“Landing in Russia is like walking into the laboratory of a failed experiment” – Hendrik Vivier


The infrastructure in Moscow is inadequate to support the number of people living there.  You can spend hours in a car trying to get anywhere unless you travel early in the morning or late in the evening.  I left on July 8 and arrived in Moscow on July 9.  I went through customs without any problem, picked up my bags, changed some dollars to rubles and saw my name on a card with prearranged transport to the hotel.  Hardly anyone speaks English unless you have paid for an English speaking tour.  The cab driver overcharged me the quoted rate.  I arrived at the hotel and they put me in the room without paying since Marek was coming in later and spoke Russian.  The rate was very cheap for Moscow and closer to the airport than the city.  I rested and washed, then went for a walk, found a restaurant and got a good meal.  Soon after Marek arrived with his Russian friend Vlad, who would help us get around the city.  We were there for 2 nights and the first night we all went out for some food and beers.  


The next morning, July 10, Vlad picked us up and took us to Red Square.  I wore my Washington Capitals Ovechkin jersey thinking it would be a big hit….no one noticed.  Red Square is domed, so it looks much larger than it really is.   Saint Basil’s Cathedral is also much smaller than I had imagined, but quite stunning.  We took the tour of Lenin’s Mausoleum while Vlad held our cameras outside since they are prohibited inside.  We saw the memorial to Marshal Georgy Konstantinovich Zhukov who led the Red Army to liberate the Soviet Union from occupation in World War II and advance through much of Eastern Europe and to conquer Berlin.  We went along the wall to the tomb of the unknown soldier which here they call The Eternal Fire and along to the Kremlin which was closed on Thursdays, so we did not get to see the palaces and cathedrals within.  We travelled down a famous market street Starey Arbat where I was tempted to buy a “bear” hat and then ate lunch at a sort of middle eastern type of restaurant.  We then took a subway back to Red Square.  We attempted to visit an outdoor Russian Market Izmailovo, but it also seemed closed today so we went to Lenin Heights to take a view of the entire city from across the river. Famous Moscow Lomonosov University here has one of the Lenin Towers, we saw another one of these in the city.  I had changed shirts and it was here that one of the vendors had the old CCCP hockey jerseys (he wanted $150 for cheap printed practice jersey), but he was one of the few people that spoke English and immediately asked me about Ovechkin (damn, didn’t have the jersey on anymore).  He also had nested Matroyshka dolls of the Washington Capitals players.  I bought nothing since I don’t usually go for typical tourist nick-nacks .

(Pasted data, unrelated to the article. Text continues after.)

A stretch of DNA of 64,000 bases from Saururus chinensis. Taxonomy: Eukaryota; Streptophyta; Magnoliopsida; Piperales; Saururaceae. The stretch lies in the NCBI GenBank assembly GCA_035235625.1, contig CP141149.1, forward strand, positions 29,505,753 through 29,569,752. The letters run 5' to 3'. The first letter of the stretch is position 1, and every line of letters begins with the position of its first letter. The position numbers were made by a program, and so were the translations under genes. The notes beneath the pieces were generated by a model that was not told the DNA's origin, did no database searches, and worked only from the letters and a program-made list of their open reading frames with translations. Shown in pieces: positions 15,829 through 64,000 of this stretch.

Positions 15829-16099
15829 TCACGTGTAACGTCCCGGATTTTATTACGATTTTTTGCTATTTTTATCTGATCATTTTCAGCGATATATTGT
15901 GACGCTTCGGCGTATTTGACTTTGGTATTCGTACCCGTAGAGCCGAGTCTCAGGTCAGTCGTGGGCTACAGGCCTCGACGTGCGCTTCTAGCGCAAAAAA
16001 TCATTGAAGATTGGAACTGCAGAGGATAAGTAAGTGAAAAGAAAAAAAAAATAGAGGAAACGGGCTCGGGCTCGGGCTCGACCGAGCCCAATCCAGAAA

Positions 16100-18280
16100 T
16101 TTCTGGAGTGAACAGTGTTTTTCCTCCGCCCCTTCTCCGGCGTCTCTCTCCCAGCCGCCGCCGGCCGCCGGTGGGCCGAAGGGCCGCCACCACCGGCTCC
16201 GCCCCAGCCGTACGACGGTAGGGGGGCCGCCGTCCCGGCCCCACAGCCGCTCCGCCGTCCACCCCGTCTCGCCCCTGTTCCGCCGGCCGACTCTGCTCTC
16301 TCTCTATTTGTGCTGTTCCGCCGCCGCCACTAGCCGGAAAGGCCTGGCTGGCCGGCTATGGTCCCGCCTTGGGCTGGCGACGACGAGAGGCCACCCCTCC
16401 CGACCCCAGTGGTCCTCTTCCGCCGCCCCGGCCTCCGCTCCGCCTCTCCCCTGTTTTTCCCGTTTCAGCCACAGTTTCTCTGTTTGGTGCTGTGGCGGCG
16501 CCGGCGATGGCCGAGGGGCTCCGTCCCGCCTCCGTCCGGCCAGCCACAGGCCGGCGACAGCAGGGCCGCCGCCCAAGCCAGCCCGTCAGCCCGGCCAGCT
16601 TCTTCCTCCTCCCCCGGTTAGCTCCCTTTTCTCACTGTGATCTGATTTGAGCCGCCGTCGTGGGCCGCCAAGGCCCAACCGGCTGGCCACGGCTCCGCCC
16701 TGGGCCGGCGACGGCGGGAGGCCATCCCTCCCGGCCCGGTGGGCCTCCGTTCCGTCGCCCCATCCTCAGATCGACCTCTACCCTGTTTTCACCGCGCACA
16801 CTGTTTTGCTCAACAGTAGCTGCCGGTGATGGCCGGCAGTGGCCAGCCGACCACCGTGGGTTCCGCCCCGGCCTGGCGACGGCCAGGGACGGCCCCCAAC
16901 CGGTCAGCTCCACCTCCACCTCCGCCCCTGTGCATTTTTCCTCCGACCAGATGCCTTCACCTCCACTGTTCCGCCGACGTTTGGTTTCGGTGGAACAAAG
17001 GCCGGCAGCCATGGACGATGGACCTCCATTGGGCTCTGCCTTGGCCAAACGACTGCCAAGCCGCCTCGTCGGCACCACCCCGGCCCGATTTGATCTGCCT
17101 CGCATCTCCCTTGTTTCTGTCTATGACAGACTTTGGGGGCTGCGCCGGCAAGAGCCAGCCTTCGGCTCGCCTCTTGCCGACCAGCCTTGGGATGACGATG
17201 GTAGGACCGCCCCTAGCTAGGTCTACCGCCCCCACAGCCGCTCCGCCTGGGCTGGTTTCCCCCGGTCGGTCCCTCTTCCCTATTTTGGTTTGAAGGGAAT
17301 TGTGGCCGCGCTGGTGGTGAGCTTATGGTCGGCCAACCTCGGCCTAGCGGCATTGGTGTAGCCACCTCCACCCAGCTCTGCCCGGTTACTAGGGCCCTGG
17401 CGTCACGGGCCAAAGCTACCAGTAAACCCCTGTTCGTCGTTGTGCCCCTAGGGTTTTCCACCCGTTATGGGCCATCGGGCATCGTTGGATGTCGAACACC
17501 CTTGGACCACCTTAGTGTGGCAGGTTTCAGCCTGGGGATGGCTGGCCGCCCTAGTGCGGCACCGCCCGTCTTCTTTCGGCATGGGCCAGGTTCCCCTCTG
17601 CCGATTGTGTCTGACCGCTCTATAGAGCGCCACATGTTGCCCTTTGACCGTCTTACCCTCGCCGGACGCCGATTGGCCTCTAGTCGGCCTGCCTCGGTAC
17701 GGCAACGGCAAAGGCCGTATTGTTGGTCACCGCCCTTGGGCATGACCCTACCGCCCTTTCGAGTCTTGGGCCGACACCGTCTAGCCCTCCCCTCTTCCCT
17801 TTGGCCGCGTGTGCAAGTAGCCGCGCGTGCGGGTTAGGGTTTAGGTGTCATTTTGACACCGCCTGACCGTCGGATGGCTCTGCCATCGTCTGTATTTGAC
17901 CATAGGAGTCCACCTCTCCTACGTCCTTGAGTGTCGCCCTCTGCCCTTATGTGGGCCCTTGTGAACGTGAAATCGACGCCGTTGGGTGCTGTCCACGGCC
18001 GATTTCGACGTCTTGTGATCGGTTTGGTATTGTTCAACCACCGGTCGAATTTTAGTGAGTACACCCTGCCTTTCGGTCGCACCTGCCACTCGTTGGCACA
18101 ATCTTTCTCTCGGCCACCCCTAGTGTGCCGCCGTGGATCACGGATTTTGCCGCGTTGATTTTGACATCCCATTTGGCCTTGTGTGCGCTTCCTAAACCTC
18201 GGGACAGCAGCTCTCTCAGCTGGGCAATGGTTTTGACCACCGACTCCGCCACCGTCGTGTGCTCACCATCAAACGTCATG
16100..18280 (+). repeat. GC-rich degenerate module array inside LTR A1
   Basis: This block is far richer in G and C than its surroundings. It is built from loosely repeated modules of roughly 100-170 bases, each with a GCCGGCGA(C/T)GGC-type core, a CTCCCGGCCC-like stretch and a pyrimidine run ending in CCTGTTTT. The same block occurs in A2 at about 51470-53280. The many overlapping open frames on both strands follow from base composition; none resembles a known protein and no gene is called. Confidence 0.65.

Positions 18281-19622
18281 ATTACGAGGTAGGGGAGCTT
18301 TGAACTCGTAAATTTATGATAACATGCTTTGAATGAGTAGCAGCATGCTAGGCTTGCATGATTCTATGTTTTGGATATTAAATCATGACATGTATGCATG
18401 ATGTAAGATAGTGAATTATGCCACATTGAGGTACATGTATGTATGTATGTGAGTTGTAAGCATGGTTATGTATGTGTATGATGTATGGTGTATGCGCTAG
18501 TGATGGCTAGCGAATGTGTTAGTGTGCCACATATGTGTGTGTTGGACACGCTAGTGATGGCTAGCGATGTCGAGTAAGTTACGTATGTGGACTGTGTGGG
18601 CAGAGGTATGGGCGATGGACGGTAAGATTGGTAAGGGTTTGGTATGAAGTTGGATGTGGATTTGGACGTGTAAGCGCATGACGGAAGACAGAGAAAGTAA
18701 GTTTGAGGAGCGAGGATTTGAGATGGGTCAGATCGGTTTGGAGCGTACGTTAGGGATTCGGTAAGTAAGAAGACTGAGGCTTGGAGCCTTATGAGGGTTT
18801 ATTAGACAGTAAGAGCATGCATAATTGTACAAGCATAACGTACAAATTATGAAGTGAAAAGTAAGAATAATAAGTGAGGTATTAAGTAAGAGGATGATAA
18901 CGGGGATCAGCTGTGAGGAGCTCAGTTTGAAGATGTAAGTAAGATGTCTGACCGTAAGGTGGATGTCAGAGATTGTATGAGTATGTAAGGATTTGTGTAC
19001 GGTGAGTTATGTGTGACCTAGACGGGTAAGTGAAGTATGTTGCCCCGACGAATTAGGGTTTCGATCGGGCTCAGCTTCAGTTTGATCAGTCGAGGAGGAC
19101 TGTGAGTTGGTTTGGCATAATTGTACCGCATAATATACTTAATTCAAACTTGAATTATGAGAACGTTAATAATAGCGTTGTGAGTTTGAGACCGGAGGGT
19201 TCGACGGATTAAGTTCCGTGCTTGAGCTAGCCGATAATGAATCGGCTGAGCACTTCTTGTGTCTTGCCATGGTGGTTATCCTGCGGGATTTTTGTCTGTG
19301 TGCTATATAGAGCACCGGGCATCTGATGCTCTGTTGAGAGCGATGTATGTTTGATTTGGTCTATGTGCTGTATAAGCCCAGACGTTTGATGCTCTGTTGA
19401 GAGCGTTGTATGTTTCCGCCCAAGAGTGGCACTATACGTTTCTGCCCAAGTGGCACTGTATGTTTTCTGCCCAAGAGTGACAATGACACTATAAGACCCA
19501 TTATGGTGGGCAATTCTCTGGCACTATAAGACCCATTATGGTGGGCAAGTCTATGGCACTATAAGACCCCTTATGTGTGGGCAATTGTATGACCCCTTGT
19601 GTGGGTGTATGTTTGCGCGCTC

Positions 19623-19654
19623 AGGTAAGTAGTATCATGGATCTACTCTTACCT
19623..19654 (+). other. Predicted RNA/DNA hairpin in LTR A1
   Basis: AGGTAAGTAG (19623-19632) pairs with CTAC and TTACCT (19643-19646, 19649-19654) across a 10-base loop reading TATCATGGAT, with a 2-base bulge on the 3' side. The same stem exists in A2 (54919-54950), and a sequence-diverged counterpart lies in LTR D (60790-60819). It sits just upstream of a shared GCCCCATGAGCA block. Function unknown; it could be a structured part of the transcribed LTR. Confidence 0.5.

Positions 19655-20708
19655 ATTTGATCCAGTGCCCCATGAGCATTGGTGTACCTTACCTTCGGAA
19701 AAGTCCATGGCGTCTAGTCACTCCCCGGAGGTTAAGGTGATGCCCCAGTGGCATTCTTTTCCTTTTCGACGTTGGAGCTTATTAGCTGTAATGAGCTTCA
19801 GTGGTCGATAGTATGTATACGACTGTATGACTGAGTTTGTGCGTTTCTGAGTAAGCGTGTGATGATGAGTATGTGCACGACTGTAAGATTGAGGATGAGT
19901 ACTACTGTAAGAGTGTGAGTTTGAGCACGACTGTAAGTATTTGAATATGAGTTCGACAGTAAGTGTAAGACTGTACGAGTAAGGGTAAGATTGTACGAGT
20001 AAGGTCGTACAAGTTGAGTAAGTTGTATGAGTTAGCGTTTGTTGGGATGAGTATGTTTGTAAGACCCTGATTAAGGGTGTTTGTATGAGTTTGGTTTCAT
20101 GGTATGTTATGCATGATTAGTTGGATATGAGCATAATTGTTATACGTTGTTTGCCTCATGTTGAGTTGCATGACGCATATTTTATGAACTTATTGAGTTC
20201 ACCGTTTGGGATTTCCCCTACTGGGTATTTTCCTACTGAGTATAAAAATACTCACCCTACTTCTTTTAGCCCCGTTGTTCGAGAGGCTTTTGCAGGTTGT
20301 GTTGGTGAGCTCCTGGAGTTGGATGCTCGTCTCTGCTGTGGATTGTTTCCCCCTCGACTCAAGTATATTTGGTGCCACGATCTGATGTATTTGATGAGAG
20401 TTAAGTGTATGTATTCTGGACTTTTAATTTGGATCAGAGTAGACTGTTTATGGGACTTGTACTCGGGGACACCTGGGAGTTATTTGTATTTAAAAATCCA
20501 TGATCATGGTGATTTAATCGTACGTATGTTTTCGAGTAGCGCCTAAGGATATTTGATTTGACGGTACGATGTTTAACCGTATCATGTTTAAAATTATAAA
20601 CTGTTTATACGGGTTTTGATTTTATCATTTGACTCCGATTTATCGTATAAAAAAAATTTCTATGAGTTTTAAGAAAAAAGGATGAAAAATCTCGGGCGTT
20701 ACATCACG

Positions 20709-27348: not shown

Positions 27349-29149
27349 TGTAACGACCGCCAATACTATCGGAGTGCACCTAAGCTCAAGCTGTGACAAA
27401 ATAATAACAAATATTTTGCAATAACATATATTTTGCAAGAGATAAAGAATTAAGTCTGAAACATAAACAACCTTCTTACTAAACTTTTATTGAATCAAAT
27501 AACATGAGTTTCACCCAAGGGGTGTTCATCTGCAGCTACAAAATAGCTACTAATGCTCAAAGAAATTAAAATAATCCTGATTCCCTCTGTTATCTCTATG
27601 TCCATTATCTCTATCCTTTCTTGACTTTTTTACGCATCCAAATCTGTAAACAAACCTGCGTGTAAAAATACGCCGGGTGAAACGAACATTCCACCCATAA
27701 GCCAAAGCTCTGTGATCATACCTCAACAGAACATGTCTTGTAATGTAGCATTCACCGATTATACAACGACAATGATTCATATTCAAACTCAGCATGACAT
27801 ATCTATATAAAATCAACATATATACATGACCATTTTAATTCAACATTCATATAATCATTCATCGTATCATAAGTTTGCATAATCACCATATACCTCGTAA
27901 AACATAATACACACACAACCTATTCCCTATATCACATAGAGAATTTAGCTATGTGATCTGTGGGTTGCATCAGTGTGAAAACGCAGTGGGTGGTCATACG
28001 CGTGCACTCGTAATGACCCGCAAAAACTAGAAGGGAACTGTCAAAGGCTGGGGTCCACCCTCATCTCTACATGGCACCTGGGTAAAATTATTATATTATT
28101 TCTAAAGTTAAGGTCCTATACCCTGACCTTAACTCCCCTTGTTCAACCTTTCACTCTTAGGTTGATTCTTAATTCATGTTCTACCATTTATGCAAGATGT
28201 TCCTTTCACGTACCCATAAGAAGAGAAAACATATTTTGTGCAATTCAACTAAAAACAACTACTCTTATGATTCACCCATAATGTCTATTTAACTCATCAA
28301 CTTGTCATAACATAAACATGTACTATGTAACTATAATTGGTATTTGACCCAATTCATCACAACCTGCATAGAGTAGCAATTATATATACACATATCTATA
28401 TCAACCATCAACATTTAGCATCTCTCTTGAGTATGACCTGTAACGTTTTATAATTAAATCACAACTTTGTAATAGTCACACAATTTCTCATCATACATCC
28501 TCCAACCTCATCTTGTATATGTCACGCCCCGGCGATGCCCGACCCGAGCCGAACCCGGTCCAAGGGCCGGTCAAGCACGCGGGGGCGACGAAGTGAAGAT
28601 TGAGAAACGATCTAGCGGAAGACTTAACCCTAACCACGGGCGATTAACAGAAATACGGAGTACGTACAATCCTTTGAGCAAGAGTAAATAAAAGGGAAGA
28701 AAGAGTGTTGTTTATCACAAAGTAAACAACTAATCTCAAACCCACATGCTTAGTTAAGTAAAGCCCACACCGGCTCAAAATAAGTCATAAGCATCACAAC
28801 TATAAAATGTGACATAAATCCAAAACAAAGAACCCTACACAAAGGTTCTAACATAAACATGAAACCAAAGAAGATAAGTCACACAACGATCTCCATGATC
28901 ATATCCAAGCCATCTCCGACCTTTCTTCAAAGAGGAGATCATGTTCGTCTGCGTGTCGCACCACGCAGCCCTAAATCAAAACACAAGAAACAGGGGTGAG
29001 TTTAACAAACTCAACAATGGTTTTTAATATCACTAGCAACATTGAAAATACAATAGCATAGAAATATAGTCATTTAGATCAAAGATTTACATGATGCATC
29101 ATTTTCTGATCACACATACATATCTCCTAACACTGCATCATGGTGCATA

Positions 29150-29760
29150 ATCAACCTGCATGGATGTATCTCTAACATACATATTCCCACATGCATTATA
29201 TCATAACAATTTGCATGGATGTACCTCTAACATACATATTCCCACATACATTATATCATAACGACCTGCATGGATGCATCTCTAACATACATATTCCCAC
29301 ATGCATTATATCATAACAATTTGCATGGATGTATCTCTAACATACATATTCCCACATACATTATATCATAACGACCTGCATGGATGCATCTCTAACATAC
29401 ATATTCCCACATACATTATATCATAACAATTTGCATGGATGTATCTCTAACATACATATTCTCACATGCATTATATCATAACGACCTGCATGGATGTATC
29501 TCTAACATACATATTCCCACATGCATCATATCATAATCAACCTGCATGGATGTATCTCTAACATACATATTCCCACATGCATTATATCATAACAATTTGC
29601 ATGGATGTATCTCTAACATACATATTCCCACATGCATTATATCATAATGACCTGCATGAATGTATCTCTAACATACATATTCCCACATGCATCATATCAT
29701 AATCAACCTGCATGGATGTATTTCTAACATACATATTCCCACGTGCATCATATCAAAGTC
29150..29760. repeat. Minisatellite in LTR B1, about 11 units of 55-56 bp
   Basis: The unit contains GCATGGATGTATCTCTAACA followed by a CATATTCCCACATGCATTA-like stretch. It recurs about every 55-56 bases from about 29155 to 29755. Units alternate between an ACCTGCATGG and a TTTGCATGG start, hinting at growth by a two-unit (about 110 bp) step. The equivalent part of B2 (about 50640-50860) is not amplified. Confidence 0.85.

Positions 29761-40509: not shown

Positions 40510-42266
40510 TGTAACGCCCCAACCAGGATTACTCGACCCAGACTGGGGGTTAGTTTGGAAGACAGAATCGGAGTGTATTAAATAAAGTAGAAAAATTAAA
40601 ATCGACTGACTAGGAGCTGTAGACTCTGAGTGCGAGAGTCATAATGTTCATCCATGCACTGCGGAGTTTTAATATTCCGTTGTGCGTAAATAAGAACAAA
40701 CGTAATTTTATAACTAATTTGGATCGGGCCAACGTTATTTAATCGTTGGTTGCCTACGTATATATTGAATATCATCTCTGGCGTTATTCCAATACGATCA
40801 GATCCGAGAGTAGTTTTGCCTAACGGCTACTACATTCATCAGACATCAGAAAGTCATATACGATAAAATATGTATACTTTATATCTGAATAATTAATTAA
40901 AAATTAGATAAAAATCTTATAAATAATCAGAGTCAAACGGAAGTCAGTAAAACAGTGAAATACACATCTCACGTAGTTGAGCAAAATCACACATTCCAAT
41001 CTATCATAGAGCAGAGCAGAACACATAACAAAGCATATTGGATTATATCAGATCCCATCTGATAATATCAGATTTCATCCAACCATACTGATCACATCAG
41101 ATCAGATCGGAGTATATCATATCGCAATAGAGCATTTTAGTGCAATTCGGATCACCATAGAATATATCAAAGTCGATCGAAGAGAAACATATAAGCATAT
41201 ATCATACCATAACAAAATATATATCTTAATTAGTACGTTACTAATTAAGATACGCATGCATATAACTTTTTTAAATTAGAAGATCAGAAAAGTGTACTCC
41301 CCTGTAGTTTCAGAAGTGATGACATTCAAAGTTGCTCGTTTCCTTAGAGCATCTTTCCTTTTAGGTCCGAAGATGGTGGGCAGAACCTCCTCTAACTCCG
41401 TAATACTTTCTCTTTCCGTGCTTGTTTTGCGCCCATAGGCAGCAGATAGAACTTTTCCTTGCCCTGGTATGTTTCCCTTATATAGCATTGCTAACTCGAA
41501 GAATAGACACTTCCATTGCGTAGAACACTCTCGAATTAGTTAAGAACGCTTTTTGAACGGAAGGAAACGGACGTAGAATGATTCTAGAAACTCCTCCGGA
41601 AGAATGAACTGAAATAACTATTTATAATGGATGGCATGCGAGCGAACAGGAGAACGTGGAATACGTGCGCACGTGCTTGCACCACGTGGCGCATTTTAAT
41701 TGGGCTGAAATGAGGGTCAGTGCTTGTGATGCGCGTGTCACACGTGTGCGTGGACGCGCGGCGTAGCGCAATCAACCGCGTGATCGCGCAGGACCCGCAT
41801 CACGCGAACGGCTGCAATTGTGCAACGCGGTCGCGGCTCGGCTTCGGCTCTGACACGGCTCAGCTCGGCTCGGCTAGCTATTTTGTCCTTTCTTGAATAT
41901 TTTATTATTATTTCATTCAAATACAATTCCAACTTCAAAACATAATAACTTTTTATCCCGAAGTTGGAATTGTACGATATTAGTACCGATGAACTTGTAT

Vlad had obligations, so he dropped us off at the hotel where Marek and I took a stroll to the restaurant I found the night before for dinner and beers (and apparently very bad Russian karaoke by the bartender this night).  In the morning of July 11 we get an early start to avoid traffic on our way to Sheremetyevo 1 for our domestic flight to Mineralnye Vody for our Elbrus climb.  However, on the way back from our climb going from Sheremetyevo 1 to Sheremetyevo 2 for our International flight to Poland had traffic headed into Sheremetyevo 1 backed up for a good 2 hours.

Moscow, Russia

July 9, 2008

The value of our life is not solely measured by its length, but also by the depth of our hearts.

And breadth of our experiences.  And indeed the heights that we achieve.